Your customers want more
As the pace of change increases, businesses can’t afford to wait on the next technology update, nor can they spare resources to implement those upgrades, diverting resources from value-add initiatives that improve company strategies and operations. Instead, manufacturers and distributors need a fully-integrated ERP solution that tracks and stores data across many different departments, employees, products, services, suppliers, and customers. That data provides a single source of truth leading to accurate analytics and actionable insights that support informed decision-making.
The autonomous supply chain processes and acts on requests (e.g. to retrieve a component from a specific location and take it to a delivery point) with little or no human intervention, freeing up organizations to do what they do best: run, innovate and grow their businesses. Supported by a unified, cloud-based ERP, the autonomous supply chain generates a long list of benefits for both manufacturers and distributors, including reduced costs, improved efficiencies, and better planning and visibility.
“The more processes you can automate within your supply chain, with the resultant data being sent directly into your central business system,” says Davidson, “the more free time and resources you’ll have to continue driving value for your company.”
Inventory management is another key component of the digital supply chain. Ignoring this essential element can leave companies either out of stock on “hot” items and grappling with unhappy customers or overstocked on slow-movers and stuck with capital-intensive inventory. It also hampers a company’s flexibility and agility, thanks to resources being tied up and/or customers lost to companies that have more accurate inventory visibility. These scenarios are dangerous in an environment where the Amazon Effect has minimized customer delivery expectations down to a mere day or two at most.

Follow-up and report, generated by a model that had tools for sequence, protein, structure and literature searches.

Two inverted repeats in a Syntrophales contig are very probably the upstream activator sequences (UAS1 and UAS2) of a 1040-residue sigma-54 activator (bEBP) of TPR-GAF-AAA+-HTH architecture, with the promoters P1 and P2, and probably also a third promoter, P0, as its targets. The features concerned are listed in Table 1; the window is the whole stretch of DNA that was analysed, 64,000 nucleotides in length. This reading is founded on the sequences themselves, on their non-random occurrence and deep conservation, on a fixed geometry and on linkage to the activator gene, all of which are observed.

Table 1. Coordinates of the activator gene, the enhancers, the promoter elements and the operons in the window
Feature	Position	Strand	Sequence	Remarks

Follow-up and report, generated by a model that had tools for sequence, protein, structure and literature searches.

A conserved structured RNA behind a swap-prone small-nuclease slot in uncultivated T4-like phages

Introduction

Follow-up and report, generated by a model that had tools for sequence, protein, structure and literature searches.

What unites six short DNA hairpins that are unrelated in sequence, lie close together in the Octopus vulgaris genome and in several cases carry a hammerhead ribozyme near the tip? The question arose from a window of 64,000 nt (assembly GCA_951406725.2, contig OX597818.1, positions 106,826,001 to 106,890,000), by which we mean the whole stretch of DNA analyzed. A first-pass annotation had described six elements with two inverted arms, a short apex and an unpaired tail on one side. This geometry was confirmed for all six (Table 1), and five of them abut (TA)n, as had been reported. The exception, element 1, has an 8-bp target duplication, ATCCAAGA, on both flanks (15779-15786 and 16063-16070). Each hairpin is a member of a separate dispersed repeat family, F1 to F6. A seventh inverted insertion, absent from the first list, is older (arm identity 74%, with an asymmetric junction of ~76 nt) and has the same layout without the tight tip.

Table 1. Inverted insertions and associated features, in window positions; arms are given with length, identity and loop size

Visibility also comes into play in the digital world, where buyers are used to logging into portals to see where their orders are at any given time. After all, when you can tap the Domino’s mobile app to place an order, get updates when the oven “fires up,” and then track the driver’s route to your house, why wouldn’t you be able to do the same thing with your order of fasteners, office
the digital supply chain really comes down to being able to promise those customers accurate delivery dates, sharing data with them, and meeting those delivery commitments as often as possible.” If your company doesn’t do any of these things, your customers will find someone who can.
In some cases, the slow adopters have employed in- house systems for decades because they like the “control” that comes with being able to see, touch, and feel computer equipment and servers. The problem is that these systems are now getting old, with many of them outliving their useful life at a time when advanced technologies are growing in popularity.
“These shippers put their businesses at risk by not moving forward and adopting technologies like Oracle NetSuite,” says Davidson, who has seen an uptick in
advancements drove the growth of the ecommerce sector, both Compac’s consumer and competitive landscapes were revolutionized.
As its business continued to evolve, Compac recognized the limitations of its antiquated ERP system and its manual processes, often done in Excel. To propel its brand strategy and future growth, Compac needed the right technology partner to manage the entirety of the business, from customers, to inventory and financials. Compac switched from its Sage ERP platform to NetSuite in 2017.
Today, Compac leverages a full business management suite, managing financials and accounting, inventory, warehouse operations, customers and email marketing on the NetSuite platform. During a recent webinar, second generation extending a digitized supply chain out to customers and suppliers.
Along the way, you’ll probably learn that many of those vendors are experiencing the same challenges that you are. This creates an opportunity to collaborate and enhance those vendor relationships. “NetSuite offers a complete range of business functions within its overall solution, but it doesn’t demand that you implement all of those areas simultaneously,” Davidson points out. “You can adopt more functionalities over time, choose the areas that are particularly impactful at the moment, and then advance in a very controlled manner.”